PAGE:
The Canadian Association of Law Libraries has long had an annual award for excellent legal publishing. Some years ago, we renamed the award we present after Queens University Professor Hugh Lawford (1933-2009) to recognize his contributions to legal publishing in Canada. As a group of legal information specialists, our work depends on being able to access and share high-quality legal knowledge. We value innovation and the award is open to all information formats. Slaw.ca was recognized with this award in 2009.

The CALL/ACBD is accepting nominations for the 2021 Hugh Lawford Award for Excellence in Legal Publishing.

This award . . . [more]

Posted in: Legal Information: Publishing

Cheifetz, Apportionment of Fault (1981) – PDF Available

Apportionment of Fault In Tort (1981) – David Cheifetz

An unrestricted PDF of Cheifetz, Apportionment of Fault in Tort is now available. The text has been out of print for about 2 decades.

The “price”, for Canadian purchasers, will be a donation of CDN $20 to either the Toronto Hospital for Sick Children or the Vancouver Children’s Hospital. Purchasers from other countries should chose a suitable children’s hospital or equivalent in their jurisdictions.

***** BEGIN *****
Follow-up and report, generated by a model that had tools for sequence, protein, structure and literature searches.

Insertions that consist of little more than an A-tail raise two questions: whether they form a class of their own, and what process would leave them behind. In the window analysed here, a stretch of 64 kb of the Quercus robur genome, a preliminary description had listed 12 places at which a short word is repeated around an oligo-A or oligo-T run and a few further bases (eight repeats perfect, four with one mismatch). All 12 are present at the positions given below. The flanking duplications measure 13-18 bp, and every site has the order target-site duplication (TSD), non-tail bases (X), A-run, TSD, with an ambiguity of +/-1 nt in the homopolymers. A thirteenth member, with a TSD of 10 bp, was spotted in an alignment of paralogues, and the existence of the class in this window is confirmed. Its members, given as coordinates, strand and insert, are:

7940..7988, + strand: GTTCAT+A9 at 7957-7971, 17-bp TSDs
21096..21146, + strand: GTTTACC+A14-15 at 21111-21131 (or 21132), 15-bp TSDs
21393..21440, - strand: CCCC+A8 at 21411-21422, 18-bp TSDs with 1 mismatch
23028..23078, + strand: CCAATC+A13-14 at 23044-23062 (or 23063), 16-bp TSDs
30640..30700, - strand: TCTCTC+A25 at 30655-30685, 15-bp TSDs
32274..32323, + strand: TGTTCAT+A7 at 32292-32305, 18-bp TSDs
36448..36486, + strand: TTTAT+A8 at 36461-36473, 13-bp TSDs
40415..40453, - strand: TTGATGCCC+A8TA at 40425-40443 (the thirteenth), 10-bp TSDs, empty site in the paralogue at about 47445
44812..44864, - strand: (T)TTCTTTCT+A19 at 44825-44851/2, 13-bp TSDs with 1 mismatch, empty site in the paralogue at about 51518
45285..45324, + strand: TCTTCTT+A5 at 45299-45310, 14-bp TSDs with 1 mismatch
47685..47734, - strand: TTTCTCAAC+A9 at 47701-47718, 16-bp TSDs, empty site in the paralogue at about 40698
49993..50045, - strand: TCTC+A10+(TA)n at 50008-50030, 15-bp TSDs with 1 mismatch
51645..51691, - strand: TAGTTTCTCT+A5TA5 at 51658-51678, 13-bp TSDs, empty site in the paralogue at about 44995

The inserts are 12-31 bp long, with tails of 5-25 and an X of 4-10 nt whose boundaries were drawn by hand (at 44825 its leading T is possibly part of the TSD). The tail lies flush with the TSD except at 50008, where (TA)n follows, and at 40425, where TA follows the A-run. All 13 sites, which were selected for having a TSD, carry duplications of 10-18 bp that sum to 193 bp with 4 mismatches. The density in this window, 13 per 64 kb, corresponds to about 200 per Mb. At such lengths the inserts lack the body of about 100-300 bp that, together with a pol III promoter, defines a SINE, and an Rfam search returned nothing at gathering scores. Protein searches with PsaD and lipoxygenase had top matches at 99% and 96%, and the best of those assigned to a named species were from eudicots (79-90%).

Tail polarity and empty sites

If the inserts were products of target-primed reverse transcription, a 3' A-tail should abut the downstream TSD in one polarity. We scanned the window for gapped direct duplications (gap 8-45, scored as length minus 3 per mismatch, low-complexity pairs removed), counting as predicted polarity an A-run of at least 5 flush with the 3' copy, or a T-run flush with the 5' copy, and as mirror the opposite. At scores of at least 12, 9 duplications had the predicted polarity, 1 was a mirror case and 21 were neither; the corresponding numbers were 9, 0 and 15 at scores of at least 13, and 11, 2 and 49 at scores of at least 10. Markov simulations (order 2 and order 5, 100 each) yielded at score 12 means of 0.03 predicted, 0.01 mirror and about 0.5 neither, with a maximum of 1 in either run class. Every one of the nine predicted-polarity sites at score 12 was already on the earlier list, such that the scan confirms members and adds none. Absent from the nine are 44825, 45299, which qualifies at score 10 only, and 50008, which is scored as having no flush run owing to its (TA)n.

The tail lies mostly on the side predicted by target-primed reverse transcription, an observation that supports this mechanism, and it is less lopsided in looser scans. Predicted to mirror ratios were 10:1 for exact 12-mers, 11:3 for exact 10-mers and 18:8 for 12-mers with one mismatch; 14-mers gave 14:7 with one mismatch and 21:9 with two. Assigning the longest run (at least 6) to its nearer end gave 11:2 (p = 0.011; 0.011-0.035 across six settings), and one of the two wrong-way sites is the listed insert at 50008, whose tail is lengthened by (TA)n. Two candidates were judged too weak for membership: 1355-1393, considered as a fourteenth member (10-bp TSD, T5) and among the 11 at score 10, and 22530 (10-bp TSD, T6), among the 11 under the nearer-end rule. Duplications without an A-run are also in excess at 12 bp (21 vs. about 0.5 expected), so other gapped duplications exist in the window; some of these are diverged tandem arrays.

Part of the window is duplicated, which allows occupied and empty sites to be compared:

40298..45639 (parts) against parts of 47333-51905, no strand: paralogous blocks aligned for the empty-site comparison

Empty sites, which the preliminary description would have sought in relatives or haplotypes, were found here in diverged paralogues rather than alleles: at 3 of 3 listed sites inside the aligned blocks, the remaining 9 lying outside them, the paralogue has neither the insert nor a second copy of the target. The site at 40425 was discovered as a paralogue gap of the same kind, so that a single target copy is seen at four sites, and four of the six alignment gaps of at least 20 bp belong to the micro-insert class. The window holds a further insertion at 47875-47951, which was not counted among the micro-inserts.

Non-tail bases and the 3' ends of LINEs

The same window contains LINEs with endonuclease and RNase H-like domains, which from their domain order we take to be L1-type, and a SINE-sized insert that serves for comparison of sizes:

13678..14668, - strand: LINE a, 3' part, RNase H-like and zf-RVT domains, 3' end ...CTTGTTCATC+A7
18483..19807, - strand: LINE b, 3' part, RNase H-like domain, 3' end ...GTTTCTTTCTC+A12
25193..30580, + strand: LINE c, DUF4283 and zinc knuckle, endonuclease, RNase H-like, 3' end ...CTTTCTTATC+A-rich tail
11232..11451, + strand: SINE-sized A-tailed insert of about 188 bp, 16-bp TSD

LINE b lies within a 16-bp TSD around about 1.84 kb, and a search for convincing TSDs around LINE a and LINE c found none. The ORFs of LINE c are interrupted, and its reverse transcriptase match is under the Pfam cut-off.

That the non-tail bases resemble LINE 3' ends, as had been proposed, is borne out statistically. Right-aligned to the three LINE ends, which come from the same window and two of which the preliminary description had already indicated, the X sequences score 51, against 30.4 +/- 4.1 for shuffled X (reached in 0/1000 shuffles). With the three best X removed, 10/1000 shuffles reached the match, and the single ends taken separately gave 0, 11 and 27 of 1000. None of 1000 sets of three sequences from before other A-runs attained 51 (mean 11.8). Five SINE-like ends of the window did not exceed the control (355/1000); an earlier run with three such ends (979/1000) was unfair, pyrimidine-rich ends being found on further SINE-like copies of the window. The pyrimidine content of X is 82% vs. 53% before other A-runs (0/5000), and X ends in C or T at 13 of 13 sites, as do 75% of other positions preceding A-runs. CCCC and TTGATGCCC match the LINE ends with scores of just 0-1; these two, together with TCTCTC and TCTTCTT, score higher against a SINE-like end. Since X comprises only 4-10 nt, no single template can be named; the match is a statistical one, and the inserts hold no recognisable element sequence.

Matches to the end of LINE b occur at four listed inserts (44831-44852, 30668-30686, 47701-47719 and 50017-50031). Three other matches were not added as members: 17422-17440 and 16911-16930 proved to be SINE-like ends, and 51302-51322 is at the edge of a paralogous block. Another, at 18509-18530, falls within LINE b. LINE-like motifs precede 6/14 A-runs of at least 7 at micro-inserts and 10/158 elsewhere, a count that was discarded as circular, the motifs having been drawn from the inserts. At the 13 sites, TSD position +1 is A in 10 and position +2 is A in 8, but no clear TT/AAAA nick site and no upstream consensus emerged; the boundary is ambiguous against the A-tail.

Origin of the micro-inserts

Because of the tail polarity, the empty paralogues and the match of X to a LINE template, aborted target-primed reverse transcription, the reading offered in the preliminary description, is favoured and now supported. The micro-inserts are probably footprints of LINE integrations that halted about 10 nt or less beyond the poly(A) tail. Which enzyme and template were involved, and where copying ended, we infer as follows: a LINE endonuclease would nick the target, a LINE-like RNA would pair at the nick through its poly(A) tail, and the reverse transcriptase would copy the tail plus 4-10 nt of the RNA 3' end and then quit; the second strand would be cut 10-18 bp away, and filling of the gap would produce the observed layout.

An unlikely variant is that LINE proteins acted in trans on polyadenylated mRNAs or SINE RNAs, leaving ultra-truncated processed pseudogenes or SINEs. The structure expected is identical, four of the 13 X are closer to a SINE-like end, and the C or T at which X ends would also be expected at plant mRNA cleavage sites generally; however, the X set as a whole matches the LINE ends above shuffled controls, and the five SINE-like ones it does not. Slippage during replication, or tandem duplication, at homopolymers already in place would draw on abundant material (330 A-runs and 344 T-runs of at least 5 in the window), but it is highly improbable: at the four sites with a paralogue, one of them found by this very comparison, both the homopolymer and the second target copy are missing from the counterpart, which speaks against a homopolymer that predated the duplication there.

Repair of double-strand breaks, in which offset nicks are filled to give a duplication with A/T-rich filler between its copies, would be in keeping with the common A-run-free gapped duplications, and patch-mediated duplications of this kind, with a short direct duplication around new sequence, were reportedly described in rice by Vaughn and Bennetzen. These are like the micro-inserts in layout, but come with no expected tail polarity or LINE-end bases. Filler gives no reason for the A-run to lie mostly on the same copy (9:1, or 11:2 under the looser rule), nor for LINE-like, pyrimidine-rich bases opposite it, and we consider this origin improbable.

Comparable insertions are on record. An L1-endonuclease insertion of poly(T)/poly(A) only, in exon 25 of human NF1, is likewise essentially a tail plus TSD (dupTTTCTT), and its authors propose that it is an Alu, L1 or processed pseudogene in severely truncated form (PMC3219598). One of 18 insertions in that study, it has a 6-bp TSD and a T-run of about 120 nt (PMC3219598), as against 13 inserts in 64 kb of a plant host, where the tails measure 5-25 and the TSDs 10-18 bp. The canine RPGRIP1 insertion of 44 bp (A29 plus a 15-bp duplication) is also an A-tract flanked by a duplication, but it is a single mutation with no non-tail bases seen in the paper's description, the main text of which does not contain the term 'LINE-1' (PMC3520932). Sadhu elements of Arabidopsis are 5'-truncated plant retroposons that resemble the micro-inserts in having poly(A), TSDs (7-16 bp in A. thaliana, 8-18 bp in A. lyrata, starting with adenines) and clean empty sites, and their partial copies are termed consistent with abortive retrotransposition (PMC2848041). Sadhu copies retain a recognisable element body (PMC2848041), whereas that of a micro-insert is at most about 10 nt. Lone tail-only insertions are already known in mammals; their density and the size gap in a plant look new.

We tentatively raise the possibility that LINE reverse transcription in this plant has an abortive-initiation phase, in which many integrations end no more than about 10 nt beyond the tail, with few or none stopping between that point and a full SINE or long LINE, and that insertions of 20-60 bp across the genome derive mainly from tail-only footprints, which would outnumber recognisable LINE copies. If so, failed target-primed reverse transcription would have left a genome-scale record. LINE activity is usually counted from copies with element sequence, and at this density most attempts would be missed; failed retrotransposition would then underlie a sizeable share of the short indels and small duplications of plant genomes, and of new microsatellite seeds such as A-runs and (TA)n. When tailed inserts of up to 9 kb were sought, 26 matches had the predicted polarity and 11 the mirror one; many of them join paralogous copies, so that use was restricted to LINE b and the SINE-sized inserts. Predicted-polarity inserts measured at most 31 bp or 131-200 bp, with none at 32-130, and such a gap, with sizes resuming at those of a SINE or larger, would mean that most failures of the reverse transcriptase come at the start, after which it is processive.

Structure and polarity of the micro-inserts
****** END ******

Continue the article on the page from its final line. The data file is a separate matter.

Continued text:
If you want the PDF: Send a request to me at dcheifetz21@gmail.com with a copy of the donation confirmation and the email address to which you want . . . [more]

Posted in: Announcements, Legal Information, Legal Information: Libraries & Research, Miscellaneous, Practice of Law, Practice of Law: Practice Management, Substantive Law, Substantive Law: Judicial Decisions, Substantive Law: Legislation

Book Review: Commissions of Inquiry

Several times each month, we are pleased to republish a recent book review from the Canadian Law Library Review (CLLR). CLLR is the official journal of the Canadian Association of Law Libraries (CALL/ACBD), and its reviews cover both practice-oriented and academic publications related to the law.